Allie also believes that teaching children nursery rhymes can help them to learn “from around the world”, and “can be used to promote diversity and inclusion.”

She shares: “The book commemorates many different cultural and religious dates with rhymes that celebrate Chinese New Year, Vesak, Lent, Passover, Vaisikhi, Ramadan, Divali, Christmas and Hanukkah. 

“Hopefully, all children will see themselves represented in this book.”

So, how can you incorporate nursery rhymes into your child’s daily routine? Allie suggests that you can read from her book, or even make up your own nursery rhymes: “Many nursery rhymes make no sense. They were probably invented by a parent or caregiver grappling for ways to amuse their charge, knowing that the sense is unimportant.” 

Quick questions with Allie Esiri

1. Do you have a personal favourite nursery rhyme from the book? If so, which one and why?

“I have too many favourites but one is passing on ‘Pat-a-Cake’ to my children. I found out during my research that the marking of B on the cake in the rhyme harks back to a time when many households could not afford their own oven and would have their bread or cakes finished in a bakehouse. People would mark their initial on the dough before taking it to the communal ovens.” 

2. If you were to create a nursery rhyme for a specific day or occasion, what would it be and why?

“I did find rhymes for pretty much every occasion. “The ones in February around Valentine's Day are particularly wonderful, from 'Daisy Daisy' to a new variant of 'Roses are Red' commissioned for the book and another gem about the love for a sibling by Giles Andreae (who wrote the beloved Giraffes can't Dance). In January, Michael Rosen has written a wintry one about the downpouring of baked beans and Julia Donaldson on the occasion of a bedtime story itself.”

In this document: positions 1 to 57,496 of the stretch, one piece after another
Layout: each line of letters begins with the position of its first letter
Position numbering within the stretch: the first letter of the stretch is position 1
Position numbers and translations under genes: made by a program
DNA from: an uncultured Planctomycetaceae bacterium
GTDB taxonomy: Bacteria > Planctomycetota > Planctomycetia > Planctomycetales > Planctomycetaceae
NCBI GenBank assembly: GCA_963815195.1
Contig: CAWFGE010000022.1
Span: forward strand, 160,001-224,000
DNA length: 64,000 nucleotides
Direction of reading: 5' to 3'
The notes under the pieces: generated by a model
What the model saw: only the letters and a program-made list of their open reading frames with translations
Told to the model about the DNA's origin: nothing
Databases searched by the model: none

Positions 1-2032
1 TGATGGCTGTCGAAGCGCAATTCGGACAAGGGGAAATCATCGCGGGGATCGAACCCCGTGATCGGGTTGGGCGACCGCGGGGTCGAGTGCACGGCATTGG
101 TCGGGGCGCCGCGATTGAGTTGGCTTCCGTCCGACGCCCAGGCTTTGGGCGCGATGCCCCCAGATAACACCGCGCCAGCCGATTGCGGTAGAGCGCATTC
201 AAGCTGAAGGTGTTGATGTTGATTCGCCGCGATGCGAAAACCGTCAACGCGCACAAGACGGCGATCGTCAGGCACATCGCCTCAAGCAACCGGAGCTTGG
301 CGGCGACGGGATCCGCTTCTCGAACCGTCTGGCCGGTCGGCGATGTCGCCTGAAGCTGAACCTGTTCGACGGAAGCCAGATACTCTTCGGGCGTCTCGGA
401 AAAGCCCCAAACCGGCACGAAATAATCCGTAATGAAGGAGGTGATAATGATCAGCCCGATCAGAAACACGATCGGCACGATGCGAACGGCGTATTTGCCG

3. What do you think is the most important message that parents and caregivers can take away from your book, "A Nursery Rhyme for Every Night of the Year"?

“I hope that they might recognise the joy and magic of sharing nursery rhymes.”

A charming and nostalgic collection

Overall, "A Nursery Rhyme for Every Night of the Year" is a charming and nostalgic collection that will delight both children and parents. As Allie noted, nursery rhymes have endured for centuries because they offer a shared cultural experience that connects generations.

With this book, families can continue to pass down these cherished rhymes to their children and grandchildren, ensuring their survival for generations to come.